Music review: Dylan John Thomas, Barrowland, Glasgow
Dylan John Thomas, Barrowland, Glasgow ***
Dylan John Thomas, a former busker from Glasgow, is clearly on the verge of something. To sell out three consecutive nights at the Barrowlands while still being relatively unknown to the public at large is quite an achievement. He’ll be ubiquitous before too long.
And that’s fine. His hooky guitar pop is quite likeable. The kid has a way with a tune, and maybe one day he’ll learn how to write lyrics which don’t rely almost entirely on clichés. He’s absorbed numerous musical cues from the British kitchen sink likes of Madness, The Kinks and Arctic Monkeys, but their wry wit is conspicuously absent from his embryonic oeuvre. Which rather misses the point of trying to sound like them.
He also has no stage presence whatsoever, but that too may develop in time. In fairness, he was presumably nervous during the first night of this homecoming residency. Every jolt of energy in the room was supplied by the audience, they did all the heavy lifting. Such was their enthusiasm, they even sang along with an uninspired cover of Mamma Mia. Thomas and his fans are presumably too young to know that indie guitar boys covering ABBA songs, no matter how sincerely, was already a tired trope at the turn of the century. It must not be allowed to continue.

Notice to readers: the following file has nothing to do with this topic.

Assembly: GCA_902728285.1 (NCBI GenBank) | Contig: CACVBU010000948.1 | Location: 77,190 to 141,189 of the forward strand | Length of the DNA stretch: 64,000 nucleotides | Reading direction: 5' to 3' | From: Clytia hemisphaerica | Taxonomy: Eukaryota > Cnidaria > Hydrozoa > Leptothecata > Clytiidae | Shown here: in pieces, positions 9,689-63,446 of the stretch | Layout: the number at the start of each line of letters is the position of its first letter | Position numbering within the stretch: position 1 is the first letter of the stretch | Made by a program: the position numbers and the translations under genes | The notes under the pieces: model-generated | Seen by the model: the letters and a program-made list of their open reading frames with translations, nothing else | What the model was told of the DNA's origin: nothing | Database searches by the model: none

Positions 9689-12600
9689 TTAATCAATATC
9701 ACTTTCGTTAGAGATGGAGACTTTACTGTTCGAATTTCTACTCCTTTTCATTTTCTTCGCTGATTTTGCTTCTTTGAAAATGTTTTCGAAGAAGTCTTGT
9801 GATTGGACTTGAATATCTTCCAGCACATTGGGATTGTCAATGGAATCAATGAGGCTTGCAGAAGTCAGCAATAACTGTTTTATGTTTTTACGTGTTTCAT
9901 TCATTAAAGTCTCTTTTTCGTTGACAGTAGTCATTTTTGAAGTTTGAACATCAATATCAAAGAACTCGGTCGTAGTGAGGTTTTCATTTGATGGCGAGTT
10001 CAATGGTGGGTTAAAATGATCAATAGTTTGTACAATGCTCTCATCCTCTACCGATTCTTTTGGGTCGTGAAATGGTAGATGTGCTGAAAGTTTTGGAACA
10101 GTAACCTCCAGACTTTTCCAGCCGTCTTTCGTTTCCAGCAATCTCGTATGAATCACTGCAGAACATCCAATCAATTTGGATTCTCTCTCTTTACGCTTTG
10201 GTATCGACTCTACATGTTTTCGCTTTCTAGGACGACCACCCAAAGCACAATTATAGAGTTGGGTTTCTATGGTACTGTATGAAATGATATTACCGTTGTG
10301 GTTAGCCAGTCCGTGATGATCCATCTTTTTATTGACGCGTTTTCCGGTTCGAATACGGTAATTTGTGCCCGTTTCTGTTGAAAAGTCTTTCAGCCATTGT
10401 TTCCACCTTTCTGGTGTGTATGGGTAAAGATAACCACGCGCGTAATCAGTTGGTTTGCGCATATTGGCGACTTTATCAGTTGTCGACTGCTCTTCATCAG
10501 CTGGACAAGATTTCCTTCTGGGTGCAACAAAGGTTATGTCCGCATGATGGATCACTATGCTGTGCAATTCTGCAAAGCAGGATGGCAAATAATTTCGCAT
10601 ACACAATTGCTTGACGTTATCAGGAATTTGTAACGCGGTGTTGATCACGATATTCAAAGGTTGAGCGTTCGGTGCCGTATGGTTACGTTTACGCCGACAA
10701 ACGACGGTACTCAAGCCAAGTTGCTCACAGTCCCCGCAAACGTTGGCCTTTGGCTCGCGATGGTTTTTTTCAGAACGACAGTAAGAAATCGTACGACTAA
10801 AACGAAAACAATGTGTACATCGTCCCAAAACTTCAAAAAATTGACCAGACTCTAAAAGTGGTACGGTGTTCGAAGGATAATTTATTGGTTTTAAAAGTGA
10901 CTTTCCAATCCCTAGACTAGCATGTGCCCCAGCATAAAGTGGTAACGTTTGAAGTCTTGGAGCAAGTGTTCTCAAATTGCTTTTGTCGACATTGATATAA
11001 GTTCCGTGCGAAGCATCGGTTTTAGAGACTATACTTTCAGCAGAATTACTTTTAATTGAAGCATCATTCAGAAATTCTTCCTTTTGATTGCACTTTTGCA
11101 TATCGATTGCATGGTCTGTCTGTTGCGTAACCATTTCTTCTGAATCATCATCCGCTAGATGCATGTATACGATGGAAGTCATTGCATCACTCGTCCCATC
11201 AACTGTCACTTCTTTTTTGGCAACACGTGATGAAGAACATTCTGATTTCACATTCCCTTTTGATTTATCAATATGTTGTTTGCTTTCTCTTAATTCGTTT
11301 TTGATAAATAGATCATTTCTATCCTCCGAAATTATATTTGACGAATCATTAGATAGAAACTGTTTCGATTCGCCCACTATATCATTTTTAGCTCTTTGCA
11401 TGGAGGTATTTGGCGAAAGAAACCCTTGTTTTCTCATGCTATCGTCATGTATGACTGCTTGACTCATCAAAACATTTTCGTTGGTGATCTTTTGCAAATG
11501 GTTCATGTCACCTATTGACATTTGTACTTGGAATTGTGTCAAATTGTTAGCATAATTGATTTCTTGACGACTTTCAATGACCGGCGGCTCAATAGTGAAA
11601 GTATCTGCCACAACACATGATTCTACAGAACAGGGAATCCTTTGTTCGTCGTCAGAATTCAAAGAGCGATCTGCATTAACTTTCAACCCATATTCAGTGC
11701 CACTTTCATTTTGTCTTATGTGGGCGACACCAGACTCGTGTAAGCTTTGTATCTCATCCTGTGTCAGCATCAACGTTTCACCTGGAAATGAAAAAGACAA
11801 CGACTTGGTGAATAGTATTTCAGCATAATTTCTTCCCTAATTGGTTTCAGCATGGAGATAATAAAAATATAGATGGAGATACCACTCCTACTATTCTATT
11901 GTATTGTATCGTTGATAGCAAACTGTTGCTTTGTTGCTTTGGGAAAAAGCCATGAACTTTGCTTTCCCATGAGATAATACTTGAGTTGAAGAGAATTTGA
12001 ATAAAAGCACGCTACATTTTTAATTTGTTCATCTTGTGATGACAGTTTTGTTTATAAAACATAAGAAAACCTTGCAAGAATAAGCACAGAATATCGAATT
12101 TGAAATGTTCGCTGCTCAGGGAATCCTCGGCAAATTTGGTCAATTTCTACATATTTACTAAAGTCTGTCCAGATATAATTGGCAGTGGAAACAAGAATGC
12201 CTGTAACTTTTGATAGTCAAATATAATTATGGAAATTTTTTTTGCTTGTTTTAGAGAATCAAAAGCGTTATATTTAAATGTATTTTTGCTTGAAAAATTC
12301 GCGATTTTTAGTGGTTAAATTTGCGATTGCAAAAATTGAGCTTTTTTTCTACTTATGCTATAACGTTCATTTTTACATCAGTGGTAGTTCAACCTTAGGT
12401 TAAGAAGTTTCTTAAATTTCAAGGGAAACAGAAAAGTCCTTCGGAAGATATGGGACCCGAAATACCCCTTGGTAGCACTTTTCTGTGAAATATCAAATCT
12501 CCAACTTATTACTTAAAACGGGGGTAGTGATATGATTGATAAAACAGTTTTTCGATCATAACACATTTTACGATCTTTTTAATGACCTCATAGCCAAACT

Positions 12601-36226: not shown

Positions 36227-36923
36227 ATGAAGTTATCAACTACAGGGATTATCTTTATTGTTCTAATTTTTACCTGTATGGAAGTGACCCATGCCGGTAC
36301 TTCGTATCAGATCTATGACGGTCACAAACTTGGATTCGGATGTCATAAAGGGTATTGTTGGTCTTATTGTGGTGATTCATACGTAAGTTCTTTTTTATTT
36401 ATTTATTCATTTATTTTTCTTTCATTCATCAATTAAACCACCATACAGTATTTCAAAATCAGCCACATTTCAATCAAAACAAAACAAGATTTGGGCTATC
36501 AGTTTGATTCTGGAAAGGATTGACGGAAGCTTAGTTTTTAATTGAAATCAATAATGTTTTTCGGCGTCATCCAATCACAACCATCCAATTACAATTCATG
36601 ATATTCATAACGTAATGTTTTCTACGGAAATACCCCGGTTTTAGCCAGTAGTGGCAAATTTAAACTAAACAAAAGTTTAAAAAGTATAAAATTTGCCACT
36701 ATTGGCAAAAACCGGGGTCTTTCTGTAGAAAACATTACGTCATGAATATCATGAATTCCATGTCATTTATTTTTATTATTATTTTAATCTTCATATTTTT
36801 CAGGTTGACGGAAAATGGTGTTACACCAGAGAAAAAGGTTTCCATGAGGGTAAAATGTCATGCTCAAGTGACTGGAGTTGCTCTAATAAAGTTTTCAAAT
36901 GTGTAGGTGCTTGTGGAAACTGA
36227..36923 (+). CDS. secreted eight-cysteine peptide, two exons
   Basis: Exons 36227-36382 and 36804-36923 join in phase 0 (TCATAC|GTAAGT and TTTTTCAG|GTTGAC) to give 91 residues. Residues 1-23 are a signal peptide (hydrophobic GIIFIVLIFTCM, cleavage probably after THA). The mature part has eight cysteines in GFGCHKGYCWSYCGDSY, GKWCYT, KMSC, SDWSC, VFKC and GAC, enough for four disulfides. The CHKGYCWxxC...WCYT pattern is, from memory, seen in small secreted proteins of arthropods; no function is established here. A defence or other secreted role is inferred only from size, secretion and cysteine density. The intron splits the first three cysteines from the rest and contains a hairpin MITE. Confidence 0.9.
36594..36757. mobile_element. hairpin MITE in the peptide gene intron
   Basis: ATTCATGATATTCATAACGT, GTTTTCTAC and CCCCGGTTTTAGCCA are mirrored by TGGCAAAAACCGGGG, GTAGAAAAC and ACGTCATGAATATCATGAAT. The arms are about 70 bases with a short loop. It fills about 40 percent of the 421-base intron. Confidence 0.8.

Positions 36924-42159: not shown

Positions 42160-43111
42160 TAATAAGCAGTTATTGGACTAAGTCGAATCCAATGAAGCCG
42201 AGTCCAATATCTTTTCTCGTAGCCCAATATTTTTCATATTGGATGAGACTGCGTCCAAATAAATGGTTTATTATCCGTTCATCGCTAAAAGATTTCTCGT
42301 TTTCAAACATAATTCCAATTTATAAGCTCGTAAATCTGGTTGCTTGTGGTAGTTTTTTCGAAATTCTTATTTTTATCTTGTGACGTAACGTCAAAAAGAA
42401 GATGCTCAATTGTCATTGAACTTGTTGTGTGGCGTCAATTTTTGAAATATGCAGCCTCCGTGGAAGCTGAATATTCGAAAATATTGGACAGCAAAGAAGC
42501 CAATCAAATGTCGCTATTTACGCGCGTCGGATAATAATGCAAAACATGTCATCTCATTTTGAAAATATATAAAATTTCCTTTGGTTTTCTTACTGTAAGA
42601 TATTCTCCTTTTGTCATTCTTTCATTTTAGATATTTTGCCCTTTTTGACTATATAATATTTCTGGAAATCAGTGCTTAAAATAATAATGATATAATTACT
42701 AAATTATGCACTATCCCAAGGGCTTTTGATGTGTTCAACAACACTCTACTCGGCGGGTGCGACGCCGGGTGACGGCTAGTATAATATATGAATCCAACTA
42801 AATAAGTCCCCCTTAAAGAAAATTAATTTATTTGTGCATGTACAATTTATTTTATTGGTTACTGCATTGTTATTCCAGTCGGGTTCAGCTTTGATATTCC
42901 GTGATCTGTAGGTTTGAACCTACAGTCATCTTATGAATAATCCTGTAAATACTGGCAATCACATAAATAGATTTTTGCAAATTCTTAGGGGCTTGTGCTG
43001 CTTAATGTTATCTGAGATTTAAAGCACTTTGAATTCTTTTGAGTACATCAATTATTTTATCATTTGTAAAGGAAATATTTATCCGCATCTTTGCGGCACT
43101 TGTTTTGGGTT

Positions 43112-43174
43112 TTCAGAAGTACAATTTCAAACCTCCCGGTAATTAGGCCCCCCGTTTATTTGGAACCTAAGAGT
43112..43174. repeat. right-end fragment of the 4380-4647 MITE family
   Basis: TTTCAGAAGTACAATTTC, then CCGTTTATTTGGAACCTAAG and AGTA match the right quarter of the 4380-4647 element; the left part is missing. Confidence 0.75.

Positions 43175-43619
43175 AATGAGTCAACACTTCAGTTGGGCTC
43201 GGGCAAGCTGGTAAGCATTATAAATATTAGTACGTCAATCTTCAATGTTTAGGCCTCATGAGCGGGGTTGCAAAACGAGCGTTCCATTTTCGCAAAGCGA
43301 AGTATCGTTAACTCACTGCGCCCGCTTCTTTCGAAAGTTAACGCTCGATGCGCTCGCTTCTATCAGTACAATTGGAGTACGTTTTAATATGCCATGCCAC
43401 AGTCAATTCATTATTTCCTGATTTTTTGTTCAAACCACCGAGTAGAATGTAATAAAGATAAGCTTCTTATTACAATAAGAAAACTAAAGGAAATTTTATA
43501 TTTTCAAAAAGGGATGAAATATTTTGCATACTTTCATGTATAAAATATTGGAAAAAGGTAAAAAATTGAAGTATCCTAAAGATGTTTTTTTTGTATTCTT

Still, I get his appeal. Thomas is the everykid next door who happens to have a talent for writing memorable readymade melodies. He sings in his own accent too. That dour Scottish baritone coupled with his self-evident affection for the quirks (if not the soul) of his influences elevates Thomas way beyond that demon busker Sheeran and his flaccid offspring. Thomas has a hint of grit about him. It’s in there somewhere.